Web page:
Fidelity of Models
  • Fidelity will be based on measures of performance
    and effectiveness requirements derived from the
    JCS modeling and simulation metrics. These
    MOPs/MOEs were derived from the operational
    community and are not based on a particular
    modeling environment.

17
Attributes
  • Static or Dynamic
  • Common Attributes (e.g. name of entity, position,
    state)
  • Administrative
  • Device Interface
  • Messages
  • Optional

18
Minimum Attributes
  • Each model class has an associated required set
    of attributes that describes the functionality
    and performance of a communications device.
  • Each of the attributes from this required set is
    a necessary feature for the model to exhibit an
    appropriate device behavior.
  • Appropriate behavior of a device model is based
    on the MOPs.
  • For example, transmit rate is in the set of
    required attributes for a radio since transmit
    rate is vital in deriving link throughput in a
    simulation.

19
Attribute Types
  • String
  • Text string value
  • Real
  • Double precision floating point number
  • Integer
  • Long integer number
  • Boolean
  • True/False, 1/0, Enabled/Disabled, On/Off
  • Enumerated
  • Datatype that can be assigned only a finite set
    of values
  • Complex
  • Datatype that consists of aggregate of multiple
    attribute types in a single structure

20
Device Interface Attributes
 
21
Navy OPNET Models
Systems and Networks
  • CVN
  • LHD
  • DDG
  • CG
  • TCA Ships
  • ISNS U/C (various versions)
  • JSIPS-N
  • FLBCST
  • ADNS
  • EC5G LOE Lab
  • FORCENET LOE Platforms
  • GiG
  • ADMS
  • NCTAMS
  • NNOC
  • Computers (Client/Server)
  • Custom Workstations/Servers (PTW, IPL, etc).
  • Routers (Cisco, Fore, etc.)
  • Hubs (10baseT)
  • Switches (100BaseT, 1000BaseT, etc.)
  • Wired Links
  • Link 11
  • Link 16
  • C2P
  • EHF TIP
  • Tactical Voice (KY68, STU-III, MMT, DNVT)
  • Switched Voice (PBXs)
  • TD1271 (DAMA)
  • SATCOM Devices
  • WSC 3/6/8 Radios
  • USC 38
  • TACINTEL
  • IINMARSAT B Radio
  • TACLANE
  • KG 84/194
  • Multiplexers (FCC100s, Timeplex Link 2/100s)
  • Patch Panels
  • BFEM Server
  • Custom Workstations/Servers (PTW, IPL, etc).
  • TCDL

Devices
Protocols and Processes
  • Application Models (FTP, Rlogin, Email, etc)
  • IP (v4, v6, QoS)
  • ATM
  • AAL
  • Token Ring
  • Frame Relay
  • Ethernet (10 Mbps, 100 Mbps, etc.)
  • TCP
  • UDP
  • JRE (JREAP A)
  • STANAG 5066
  • DSRMA
  • Dynamic TDMA
  • MANET Protocols (AODV, OLSR, etc.)
  • DAMA
  • Routing Protocols (RIP, OSPF, BGP, etc.)
  • 802.11
  • Wireless Channels (propagation models)
  • SATCOM orbits
  • Mobility

22
Recent MS Studies
  • South West and North East Asia (SWA, NEA)
    amphibious readiness group (ARG) assessment for
    NETWARS QDR
  • NCTAMS FMX network congestion analysis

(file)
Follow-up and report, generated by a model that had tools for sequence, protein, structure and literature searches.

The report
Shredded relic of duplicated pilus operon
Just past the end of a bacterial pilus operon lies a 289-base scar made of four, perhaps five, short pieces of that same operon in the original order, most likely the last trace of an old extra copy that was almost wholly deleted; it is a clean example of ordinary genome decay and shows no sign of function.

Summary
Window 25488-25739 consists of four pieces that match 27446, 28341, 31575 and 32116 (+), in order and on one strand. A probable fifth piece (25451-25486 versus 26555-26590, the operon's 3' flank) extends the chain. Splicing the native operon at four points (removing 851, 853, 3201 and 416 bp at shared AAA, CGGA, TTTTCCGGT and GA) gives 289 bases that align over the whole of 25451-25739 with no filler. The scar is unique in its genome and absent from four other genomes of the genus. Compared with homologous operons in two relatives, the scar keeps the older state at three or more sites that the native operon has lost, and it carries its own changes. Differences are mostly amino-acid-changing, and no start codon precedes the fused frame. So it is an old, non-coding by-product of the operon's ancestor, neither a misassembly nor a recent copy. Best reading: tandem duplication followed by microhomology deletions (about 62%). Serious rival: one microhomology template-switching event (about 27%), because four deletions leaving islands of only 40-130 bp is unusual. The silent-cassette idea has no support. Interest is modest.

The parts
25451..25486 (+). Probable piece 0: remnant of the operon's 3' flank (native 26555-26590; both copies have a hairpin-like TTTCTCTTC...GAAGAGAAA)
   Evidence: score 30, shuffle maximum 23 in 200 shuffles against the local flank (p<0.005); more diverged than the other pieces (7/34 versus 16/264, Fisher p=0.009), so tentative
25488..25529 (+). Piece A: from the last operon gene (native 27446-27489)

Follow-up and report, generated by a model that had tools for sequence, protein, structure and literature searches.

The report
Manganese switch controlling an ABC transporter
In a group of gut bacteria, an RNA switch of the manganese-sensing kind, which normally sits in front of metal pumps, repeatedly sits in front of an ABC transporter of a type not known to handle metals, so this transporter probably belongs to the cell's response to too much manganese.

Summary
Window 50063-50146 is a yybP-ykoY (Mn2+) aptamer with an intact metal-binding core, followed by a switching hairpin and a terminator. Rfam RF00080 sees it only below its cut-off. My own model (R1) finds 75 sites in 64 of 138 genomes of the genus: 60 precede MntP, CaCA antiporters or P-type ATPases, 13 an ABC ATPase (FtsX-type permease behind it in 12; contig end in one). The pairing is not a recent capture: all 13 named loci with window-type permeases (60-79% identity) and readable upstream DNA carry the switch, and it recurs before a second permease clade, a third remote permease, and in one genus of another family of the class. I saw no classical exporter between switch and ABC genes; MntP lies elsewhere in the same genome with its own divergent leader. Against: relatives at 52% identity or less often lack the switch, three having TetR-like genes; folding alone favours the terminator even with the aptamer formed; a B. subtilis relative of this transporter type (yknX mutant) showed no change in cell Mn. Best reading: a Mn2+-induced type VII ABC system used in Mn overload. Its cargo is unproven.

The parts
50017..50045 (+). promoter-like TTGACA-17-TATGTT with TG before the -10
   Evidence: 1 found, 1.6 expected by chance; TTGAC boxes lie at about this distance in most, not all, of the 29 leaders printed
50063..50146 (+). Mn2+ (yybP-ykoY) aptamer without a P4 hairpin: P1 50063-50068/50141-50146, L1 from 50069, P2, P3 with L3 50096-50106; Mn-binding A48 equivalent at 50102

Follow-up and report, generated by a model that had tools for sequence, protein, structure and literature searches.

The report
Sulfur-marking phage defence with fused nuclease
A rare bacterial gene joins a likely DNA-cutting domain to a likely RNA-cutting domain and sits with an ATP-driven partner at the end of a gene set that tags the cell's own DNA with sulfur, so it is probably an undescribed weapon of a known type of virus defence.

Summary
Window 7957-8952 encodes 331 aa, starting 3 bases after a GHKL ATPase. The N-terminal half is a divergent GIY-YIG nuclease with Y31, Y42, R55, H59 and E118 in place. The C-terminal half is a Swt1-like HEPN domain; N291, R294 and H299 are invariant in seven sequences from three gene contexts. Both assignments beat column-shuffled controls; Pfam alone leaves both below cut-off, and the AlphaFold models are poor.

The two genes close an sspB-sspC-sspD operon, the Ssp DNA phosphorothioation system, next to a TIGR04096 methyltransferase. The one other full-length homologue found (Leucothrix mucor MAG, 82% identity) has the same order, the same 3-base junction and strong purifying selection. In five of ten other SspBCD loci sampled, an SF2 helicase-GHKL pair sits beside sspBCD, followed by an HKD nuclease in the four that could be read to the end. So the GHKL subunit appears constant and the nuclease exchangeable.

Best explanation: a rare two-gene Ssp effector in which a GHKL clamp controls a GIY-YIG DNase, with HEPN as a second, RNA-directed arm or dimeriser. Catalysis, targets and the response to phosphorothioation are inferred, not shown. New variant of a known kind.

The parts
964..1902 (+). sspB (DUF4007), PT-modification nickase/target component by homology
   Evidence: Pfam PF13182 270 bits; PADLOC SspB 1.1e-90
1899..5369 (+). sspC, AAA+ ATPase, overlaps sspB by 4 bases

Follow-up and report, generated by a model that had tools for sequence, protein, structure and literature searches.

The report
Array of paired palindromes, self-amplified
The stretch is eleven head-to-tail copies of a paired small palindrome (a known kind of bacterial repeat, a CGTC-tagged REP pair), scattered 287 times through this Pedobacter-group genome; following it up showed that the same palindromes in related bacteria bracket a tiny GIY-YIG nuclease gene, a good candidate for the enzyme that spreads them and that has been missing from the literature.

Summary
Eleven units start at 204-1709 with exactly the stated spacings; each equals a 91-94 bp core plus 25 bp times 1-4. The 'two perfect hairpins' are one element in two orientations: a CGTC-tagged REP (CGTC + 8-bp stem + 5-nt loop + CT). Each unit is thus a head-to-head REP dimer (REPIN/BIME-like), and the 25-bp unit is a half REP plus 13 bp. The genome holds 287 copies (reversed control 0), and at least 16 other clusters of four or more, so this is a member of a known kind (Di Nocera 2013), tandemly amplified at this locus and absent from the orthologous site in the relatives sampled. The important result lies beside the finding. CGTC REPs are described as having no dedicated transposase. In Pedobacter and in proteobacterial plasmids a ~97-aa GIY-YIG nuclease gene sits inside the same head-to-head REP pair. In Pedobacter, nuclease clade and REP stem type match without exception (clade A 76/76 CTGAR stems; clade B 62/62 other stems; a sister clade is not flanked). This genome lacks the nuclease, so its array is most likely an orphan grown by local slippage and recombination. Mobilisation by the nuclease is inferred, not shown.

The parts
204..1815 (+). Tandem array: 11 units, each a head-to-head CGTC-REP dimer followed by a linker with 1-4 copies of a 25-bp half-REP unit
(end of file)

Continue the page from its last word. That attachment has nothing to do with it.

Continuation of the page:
• EC5G LOE Scalability Study
  • Wireless MANET Subnet Relay prototype modeling.
  • Unified Worldwide Ship-to-Shore Navy Network
  • EIGRP and OSPF routing study (see paper
    04S-SIW-089)
  • Time Critical Strike (TCS)
  • Assessment of various C4ISR system families to
    support TCS

23
Recent MS Studies (continued)
  • Battleforce Composite Networking (BCN)
  • Examined JDN data transfers through JPN networks
    using IP QoS
  • Deployable Autonomous Distributed System (DADS)
  • Prototype modeling effort for distributed sensor
    networks
  • End-to-end test bed for PMW 179
  • TTIC lab model construction to augment hardware
    simulations

24
Time Critical Strike (TCS) Study
  • Lead analysts for the TCS and BFC2 MCPs
  • ASN (RDA) CHENG
  • Objective was to assess alternate TCS threads
    through different C4ISR system families.
  • End-to-end latency performance focus
  • Operational Metrics (Time-On-Target)
  • Modeled systems/threads
  • Operational
  • JSOW, E2C, F/A 18, CVN, UAV
  • Technical Communications
  • ISNS, SATCOM, TCDL, Link-16, JSIPS-N

25
Time Critical Strike
FUTURE UPGRADES
26
TCS Sample Study Results
Thread 3
Thread 1
Thread 2
27
Battleforce Composite Networking Study
Figure taken from Cliff Warner (SSCSD) BCN Briefs
  • Integration of Tactical Data Links and ADNS using
    IP QoS technology and Composite Routing
    techniques -- Office of Naval Research (ONR)
  • Direction from SPAWAR PMW 159
  • Modeled systems/protocols under this effort
  • IP QoS, C2P, JRE, Link 16, ADNS, EHF TIP
  • Other models reused from library

28
Todays Architecture
Background
JCTN
Cooperative Engagement Capability (CEC)
Engagement
DDS
C Band Antenna
Sensors
Link 22 Terminal
HF Antenna
Link 22
KG
JDN
Common Tactical Picture
Link 11
Link 11 Terminal
HF Antenna
KG
Link 16
Displays
JTIDS/MIDS
L band Antenna
S-TADIL
Satellite Terminal
Satellite Antenna
KG